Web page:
WASHINGTON - The United States said on Thursday it was "unfortunate" that a Russian official suggested Russia might move its missiles closer to western Europe if its proposals on a planned missile shield in Europe are ignored.
Russian First Deputy Prime Minister Sergei Ivanov attends the International Economic Forum in St. Petersburg June 9, 2007. [Reuters]
The United States plans to place 10 interceptors in Europe and radar in the Czech Republic as part of a shield designed to protect Europe from missile attacks by states such as Iran and North Korea. Russia has harshly criticized the plan.
At a meeting with US President George W. Bush this week, Russian President Vladimir Putin proposed Russia and NATO share data about missile launches from "rogue states," saying this would remove the need for the Polish and Czech installations.
On Wednesday Russia's First Deputy Prime Minister Sergei Ivanov appeared to suggest that if the United States accepted Putin's plan then Russia would not place missiles in its western-most province of Kaliningrad.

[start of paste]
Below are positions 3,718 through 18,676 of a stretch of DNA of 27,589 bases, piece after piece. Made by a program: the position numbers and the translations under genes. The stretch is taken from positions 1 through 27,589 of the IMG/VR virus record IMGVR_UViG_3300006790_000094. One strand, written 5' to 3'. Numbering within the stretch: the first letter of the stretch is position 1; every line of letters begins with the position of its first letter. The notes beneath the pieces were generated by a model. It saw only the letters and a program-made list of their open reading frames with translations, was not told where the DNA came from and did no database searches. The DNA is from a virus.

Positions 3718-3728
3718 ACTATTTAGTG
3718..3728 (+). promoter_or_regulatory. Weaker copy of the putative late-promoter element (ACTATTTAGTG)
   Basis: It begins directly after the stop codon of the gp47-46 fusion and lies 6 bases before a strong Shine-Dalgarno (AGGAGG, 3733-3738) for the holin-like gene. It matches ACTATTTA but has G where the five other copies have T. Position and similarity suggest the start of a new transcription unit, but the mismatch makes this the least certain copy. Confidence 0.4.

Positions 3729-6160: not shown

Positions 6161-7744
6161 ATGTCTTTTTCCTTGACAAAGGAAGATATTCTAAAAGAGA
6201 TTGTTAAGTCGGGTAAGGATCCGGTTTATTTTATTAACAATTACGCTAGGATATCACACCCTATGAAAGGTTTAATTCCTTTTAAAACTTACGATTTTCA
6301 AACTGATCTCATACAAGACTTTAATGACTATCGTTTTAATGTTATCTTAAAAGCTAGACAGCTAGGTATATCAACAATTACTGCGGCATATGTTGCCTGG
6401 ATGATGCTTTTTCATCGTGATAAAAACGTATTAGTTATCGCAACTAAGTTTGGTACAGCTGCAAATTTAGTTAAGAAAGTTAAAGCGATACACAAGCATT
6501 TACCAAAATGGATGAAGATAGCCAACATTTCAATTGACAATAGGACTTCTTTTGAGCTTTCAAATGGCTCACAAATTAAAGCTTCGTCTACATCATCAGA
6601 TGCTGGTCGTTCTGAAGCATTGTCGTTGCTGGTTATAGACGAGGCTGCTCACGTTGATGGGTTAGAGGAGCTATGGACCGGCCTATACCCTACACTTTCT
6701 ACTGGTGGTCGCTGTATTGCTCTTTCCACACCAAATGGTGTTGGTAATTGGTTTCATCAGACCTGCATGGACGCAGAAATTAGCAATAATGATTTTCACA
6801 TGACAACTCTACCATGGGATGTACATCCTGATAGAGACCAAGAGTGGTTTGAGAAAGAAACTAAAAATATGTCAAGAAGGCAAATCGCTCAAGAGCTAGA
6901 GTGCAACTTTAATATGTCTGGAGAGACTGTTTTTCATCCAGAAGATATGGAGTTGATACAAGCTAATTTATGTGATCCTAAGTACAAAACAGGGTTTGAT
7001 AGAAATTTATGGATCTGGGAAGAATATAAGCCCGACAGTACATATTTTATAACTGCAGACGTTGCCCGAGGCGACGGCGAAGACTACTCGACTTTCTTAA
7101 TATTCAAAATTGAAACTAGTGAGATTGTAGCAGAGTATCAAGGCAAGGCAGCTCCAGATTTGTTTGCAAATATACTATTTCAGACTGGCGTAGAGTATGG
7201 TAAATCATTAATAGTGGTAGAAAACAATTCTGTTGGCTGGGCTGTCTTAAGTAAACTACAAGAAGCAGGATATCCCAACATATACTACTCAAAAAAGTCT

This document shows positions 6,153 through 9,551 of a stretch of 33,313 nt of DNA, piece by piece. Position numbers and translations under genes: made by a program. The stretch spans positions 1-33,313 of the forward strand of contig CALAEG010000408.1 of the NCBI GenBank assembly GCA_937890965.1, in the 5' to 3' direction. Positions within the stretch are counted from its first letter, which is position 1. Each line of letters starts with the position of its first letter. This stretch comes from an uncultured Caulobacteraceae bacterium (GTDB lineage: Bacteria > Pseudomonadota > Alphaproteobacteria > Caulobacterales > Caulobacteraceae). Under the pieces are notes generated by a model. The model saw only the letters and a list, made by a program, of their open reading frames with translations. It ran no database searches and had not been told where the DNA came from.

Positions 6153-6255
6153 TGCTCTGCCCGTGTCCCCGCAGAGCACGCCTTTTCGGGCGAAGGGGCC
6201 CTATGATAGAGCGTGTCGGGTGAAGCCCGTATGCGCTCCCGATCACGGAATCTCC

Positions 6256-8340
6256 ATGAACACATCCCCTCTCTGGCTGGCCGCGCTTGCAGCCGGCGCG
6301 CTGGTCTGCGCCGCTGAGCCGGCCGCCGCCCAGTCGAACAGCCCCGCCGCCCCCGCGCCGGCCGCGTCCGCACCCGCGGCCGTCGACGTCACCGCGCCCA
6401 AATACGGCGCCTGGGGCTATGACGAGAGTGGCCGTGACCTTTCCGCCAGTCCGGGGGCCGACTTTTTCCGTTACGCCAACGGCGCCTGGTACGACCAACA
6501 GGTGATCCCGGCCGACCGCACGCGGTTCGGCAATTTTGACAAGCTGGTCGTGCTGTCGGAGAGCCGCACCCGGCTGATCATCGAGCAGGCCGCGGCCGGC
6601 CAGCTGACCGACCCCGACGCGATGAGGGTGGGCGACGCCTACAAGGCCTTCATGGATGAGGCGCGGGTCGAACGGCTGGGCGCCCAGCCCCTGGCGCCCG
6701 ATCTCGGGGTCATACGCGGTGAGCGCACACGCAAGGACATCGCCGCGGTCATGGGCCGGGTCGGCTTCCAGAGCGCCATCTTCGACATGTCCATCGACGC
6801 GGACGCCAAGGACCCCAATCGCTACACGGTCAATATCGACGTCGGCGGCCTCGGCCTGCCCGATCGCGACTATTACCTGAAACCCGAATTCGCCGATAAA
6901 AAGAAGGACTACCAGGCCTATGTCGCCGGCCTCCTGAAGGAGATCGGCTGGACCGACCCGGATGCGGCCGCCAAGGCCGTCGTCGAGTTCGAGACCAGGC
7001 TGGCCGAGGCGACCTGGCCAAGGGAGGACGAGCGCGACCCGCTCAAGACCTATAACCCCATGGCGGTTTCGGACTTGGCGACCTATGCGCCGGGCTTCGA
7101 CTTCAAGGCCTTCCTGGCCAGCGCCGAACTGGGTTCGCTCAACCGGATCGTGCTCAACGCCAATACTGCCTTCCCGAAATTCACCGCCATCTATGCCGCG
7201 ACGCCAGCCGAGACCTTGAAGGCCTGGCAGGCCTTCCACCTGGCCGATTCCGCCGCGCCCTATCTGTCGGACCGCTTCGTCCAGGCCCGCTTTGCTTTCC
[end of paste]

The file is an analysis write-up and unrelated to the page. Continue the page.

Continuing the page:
"If our proposals are accepted, the need will disappear for Russia to deploy new missile weapons in the European part of the country, including in Kaliningrad region," Interfax news agency quoted Ivanov as saying during a trip to Uzbekistan.
Ivanov, in overall charge of Russia's defense sector and a leading candidates to become the country's next president, did not elaborate.
Kaliningrad lies on the Baltic Sea coast and is surrounded by Lithuania and Poland. It is not connected by land to the rest of Russia and the city of Kaliningrad is far closer to Warsaw than to Moscow.
"Mr. Ivanov's comments were unfortunate but I don't think it distracts us from the fact that we are having a constructive conversation with the Russians," State Department spokesman Sean McCormack told reporters, calling the remarks "not constructive."
"It reminds me of, to borrow a line from the Cold War, from our own domestic politics, 'There they go again'," he added, alluding to then presidential candidate Ronald Reagan's dismissive comment "There you go again" against then President Jimmy Carter during the 1980 US presidential campaign.
"You're going to have some of this rhetoric in public. But what's important is that we try to come up with a constructive dialogue, and try to come up with some constructive solutions to addressing what is a very real threat," he added.
McCormack said Washington and Moscow planned to continue talks on the issue, including at a meeting of their foreign and defense ministers in September or October. Earlier, US officials had said these talks were likely in September.